I’m totally behind on updating this, but when given the choice between starting to pack (and where am I going to even put the open suitcases in this apartment?) and writing a blog entry, blog entry it is!
I also made coconut pudding and updated my Amazon wishlist. I should shower But no! No! No! I will write this first and stop allowing my attention to hop around like a monkey.
I have this constant fear with my fieldwork that I’m not doing enough. Anyway, I’d been attending a workshop related to my project for months, and on the last day I presented my group with their thank you gifts. (Really, this embarrassed everyone involved, apart from the Sensei, who apparently gets so many thank-you gifts that she practically chucked mine in the corner as soon as it was in her hands.)
Sensei (I’ll call her S-san) had announced that we were to all go out drinking together after the last workshop. But at the end, my group made for the door- I assumed they wanted us to go drinking, just the 4 of us. But I hadn’t given S-san her gift yet, so I said “just a moment” and took a minute or two to hand it to her, babble on about my gratitude etc. Then I hurriedly announced that I was going to tag along with the rest of my group, and excused myself.
Flinging open the heavy metal door, I expected to see them waiting there for me. But the stairwell was empty, and it was raining hard. And I had no umbrella.
Still, I just knew they were nearby, so I dashed to the intersection at the corner of the building, and saw …way…. in … the … distance, the three of them under their umbrellas, walking in the opposite direction from my train station.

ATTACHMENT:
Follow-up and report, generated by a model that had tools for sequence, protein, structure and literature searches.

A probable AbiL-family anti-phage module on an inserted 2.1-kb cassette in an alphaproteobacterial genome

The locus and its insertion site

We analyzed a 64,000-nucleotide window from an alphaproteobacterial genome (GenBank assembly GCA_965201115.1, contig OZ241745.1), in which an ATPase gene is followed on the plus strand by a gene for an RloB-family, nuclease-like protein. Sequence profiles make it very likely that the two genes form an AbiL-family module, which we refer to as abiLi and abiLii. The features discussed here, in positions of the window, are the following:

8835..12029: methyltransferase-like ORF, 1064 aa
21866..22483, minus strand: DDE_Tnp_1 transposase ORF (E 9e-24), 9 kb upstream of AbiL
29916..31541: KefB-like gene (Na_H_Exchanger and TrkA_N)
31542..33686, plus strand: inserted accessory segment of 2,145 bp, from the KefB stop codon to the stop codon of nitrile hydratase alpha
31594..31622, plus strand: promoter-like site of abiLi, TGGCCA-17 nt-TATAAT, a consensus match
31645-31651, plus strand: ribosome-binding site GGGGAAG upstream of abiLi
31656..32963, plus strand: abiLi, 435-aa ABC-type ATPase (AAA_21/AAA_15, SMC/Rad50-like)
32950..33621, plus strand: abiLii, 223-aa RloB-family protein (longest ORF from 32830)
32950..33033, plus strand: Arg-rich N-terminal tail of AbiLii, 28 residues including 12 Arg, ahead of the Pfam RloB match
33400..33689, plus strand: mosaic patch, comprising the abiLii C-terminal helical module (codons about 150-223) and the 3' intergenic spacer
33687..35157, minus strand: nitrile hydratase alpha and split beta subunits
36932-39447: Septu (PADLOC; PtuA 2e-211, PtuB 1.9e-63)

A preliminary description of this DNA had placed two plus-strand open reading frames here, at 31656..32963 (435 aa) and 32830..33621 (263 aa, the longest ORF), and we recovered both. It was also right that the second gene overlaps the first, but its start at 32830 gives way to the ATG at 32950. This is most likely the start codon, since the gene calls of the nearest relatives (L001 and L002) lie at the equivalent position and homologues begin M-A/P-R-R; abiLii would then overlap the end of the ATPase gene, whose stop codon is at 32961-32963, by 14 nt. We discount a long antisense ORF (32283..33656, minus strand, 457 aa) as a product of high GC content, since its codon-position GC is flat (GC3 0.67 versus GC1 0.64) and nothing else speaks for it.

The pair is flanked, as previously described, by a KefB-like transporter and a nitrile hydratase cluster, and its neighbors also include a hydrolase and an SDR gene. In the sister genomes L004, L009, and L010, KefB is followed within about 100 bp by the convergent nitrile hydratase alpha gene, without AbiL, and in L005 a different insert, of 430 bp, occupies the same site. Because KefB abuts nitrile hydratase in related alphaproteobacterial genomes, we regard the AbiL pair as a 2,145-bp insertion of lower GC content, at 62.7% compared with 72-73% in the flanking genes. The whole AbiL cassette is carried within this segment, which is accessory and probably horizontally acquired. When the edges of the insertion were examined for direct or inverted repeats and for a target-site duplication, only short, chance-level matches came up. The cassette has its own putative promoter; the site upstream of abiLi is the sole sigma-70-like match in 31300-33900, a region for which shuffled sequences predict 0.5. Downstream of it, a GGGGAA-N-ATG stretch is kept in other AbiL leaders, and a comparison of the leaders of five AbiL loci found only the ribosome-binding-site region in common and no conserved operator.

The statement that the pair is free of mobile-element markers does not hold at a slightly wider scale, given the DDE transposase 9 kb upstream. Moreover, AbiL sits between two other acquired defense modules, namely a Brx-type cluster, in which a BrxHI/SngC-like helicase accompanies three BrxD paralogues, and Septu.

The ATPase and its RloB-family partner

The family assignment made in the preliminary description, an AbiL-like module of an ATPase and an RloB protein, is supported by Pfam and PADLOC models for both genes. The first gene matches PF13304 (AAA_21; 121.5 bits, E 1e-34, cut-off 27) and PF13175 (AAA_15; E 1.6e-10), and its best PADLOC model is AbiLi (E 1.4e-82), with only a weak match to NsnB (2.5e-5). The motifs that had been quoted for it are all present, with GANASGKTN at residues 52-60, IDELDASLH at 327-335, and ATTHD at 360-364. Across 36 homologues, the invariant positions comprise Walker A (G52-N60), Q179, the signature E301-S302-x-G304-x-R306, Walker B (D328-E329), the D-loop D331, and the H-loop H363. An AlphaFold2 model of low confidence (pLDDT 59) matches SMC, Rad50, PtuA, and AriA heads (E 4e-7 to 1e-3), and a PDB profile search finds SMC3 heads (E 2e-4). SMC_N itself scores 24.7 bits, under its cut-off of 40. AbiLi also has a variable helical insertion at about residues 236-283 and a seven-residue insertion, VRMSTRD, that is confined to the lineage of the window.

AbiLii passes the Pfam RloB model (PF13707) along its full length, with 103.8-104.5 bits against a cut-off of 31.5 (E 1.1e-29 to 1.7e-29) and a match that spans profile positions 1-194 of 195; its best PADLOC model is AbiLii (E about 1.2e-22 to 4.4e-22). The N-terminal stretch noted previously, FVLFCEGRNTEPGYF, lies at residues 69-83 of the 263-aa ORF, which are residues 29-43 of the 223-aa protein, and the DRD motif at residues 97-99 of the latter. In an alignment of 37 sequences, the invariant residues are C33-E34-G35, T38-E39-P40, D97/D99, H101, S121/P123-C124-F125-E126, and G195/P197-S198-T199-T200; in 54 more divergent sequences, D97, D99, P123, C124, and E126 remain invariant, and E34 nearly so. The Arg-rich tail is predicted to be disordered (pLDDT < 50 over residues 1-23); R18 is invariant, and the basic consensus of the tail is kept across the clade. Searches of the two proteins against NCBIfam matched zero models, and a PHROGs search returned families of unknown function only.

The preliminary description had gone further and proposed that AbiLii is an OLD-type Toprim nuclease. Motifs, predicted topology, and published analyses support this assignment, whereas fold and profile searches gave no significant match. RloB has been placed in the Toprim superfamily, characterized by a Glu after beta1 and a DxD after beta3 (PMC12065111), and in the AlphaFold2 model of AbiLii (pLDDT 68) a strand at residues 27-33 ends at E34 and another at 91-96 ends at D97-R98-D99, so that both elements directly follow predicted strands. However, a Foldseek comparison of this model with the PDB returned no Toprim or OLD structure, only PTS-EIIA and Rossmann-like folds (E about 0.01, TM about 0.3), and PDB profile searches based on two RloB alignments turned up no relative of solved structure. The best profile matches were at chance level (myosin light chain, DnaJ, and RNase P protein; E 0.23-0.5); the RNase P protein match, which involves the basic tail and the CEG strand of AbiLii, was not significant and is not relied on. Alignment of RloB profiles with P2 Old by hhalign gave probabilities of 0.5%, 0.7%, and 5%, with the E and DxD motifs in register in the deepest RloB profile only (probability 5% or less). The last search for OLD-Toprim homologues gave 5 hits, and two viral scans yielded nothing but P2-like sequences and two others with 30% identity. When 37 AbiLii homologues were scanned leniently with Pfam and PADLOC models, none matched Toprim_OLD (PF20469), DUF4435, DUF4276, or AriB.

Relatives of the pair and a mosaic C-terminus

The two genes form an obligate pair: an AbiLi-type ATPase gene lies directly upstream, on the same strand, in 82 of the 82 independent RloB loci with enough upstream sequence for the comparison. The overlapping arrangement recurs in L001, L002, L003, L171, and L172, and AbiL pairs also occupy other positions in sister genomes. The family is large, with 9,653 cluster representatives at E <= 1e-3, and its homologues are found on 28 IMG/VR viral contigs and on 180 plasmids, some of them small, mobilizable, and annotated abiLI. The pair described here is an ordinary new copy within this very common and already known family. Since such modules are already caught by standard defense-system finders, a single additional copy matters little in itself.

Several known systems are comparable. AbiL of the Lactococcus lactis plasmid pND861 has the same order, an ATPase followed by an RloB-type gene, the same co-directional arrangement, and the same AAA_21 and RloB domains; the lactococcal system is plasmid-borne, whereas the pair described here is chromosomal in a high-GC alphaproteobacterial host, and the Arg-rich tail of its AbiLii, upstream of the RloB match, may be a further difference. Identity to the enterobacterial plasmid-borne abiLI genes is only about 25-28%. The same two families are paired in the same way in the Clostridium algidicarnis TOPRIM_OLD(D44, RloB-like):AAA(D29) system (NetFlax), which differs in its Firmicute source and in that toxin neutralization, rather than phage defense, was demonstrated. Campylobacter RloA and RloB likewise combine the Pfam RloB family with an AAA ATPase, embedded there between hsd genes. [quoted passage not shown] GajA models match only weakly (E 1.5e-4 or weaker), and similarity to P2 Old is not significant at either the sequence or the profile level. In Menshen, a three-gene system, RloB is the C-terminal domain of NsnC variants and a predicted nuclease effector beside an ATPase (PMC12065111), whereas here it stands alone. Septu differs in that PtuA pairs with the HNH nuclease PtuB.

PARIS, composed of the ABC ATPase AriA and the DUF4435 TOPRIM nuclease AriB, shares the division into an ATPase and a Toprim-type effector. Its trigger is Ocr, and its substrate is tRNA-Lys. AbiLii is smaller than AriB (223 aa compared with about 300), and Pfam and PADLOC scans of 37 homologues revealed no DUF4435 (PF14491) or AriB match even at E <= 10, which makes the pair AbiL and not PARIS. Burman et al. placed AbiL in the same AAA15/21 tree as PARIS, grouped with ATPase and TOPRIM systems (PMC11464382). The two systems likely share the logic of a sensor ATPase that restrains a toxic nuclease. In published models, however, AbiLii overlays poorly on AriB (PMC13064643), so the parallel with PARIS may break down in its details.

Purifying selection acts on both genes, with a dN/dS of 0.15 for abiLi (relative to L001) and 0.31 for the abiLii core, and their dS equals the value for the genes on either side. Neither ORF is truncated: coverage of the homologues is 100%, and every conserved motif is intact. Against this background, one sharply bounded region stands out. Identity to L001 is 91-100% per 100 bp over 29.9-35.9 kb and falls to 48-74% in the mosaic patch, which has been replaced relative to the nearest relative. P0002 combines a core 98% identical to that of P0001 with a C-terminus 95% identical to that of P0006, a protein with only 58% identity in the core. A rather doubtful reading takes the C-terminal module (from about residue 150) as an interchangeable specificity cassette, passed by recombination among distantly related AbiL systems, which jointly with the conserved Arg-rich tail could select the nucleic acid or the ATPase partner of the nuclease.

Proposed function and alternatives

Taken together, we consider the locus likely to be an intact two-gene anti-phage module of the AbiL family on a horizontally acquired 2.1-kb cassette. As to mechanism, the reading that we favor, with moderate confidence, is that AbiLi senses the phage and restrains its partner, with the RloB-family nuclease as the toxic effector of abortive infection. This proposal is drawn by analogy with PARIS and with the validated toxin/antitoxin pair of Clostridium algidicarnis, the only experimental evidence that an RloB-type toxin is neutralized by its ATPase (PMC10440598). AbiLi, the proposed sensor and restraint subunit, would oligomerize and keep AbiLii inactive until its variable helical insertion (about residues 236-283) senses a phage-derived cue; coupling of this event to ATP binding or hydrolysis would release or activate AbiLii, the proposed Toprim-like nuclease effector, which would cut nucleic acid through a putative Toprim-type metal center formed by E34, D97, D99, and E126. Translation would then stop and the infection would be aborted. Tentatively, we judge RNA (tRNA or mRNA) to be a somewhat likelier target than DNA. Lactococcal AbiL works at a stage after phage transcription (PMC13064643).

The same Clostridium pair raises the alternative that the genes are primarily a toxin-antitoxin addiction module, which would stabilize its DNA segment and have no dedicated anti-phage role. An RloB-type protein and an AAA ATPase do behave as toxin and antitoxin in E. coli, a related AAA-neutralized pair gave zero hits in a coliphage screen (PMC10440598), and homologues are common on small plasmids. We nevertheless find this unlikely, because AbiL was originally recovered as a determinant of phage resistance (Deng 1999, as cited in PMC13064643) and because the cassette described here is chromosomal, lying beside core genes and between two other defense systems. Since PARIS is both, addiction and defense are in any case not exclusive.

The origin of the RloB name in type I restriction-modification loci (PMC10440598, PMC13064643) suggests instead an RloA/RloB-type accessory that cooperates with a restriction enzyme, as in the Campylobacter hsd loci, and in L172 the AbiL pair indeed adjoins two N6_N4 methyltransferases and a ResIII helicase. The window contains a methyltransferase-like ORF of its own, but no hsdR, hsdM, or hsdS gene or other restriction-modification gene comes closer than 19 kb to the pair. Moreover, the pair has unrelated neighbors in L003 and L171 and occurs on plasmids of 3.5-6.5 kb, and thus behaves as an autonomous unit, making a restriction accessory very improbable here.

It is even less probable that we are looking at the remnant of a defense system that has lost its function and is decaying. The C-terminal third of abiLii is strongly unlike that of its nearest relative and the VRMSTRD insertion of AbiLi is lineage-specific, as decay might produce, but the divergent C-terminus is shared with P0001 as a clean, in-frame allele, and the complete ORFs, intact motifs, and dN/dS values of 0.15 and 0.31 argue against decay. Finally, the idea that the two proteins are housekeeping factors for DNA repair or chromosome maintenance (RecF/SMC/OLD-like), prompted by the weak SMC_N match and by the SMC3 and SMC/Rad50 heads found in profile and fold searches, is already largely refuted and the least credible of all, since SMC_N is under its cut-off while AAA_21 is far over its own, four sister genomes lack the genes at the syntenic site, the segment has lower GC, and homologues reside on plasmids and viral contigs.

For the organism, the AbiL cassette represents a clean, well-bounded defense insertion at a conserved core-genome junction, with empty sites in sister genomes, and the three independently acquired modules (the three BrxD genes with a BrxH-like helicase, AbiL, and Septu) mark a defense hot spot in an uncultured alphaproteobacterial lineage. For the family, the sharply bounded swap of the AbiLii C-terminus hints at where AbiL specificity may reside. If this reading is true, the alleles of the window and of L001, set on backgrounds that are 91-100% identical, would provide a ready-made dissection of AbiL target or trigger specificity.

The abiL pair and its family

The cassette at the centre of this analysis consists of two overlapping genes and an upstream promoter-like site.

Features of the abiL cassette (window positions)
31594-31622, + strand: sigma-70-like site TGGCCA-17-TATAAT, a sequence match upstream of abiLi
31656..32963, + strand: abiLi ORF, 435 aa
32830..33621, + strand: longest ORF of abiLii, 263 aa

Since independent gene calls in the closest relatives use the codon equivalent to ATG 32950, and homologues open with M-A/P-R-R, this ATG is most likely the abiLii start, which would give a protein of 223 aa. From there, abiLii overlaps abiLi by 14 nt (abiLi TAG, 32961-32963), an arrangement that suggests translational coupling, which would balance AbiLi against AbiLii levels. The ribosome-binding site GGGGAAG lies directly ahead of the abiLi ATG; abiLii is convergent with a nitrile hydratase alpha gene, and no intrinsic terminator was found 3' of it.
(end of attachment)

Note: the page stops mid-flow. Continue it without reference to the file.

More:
I retreated back to the covered stairwell of the building, and stood there. Well, now what? I AM AN ANTHROPOLOGIST. I AM SUPPOSED TO BE BUILDING RAPPORT, I told myself. Oh well, I could go home. And so, holding a paper shopping bag-as-umbrella over my head pitifully, I started towards my station.
Then- “argh, no, you idiot. You should be drinking with the rest of the crew”, came a voice in my head. I stopped. I looked back. The rest of the workshop was all still in the office. But… going back would be awkward. I started toward the station again.
“NO! WHAT KIND OF RESEARCHER ARE YOU?”
I wavered… literally turning in circles in the street. I walked back to the front of the building. I stopped. I walked a few steps back towards the station.
I stood there, staring up at the office. 5 minutes passed. One step back, one step forward. I’d try to leave and then think of a good question to ask everyone once they were good and hammered. I envisioned the part of my dissertation in which I’d use it to… something. Make some important point I’d come up with later. After we’d all gone drinking.
Tightening my face in a childish expression of determination I said out loud “That’s IT!”, startling a salaryman walking nearby (who, not knowing me, didn’t expect me to exclaim something odd out loud in public. To myself).
I marched back up the stairs like a super-hero, and flung open the office door. Everyone inside looked up, pausing from their conversations. I felt the expectation of an explanation. “I, um, forgot my umbrella.” I mumbled, rubbing the back of my head like a manga character.
It’s a small office, so it didn’t take long to conclude that there was no umbrella belonging to me there. “Ah, uh, must have left it in the train then.” I announced. Everyone nodded. It had been an awkwardly long amount of time to justify a return-to-check-for-lost-items scene. I quickly glanced around for signs that everyone was about to go drinking.
Nothing. They were just sitting in their groups chatting. Shouldn’t have left to chase my group, but, well, I couldn’t help it now.
In English I might have just explained the situation and laughed at myself, but in Japanese I’m horribly shy, and tend to become mute when embarrassed. Which I was.
When I met up with T I talked him into going to a 270 yen izakaya and drinking cheap, cheap wine with me to take the edge off my anxiety. I regretted this plan when I couldn’t sleep a wink that night and had a splitting headache for 24 hours after that as well. Oy.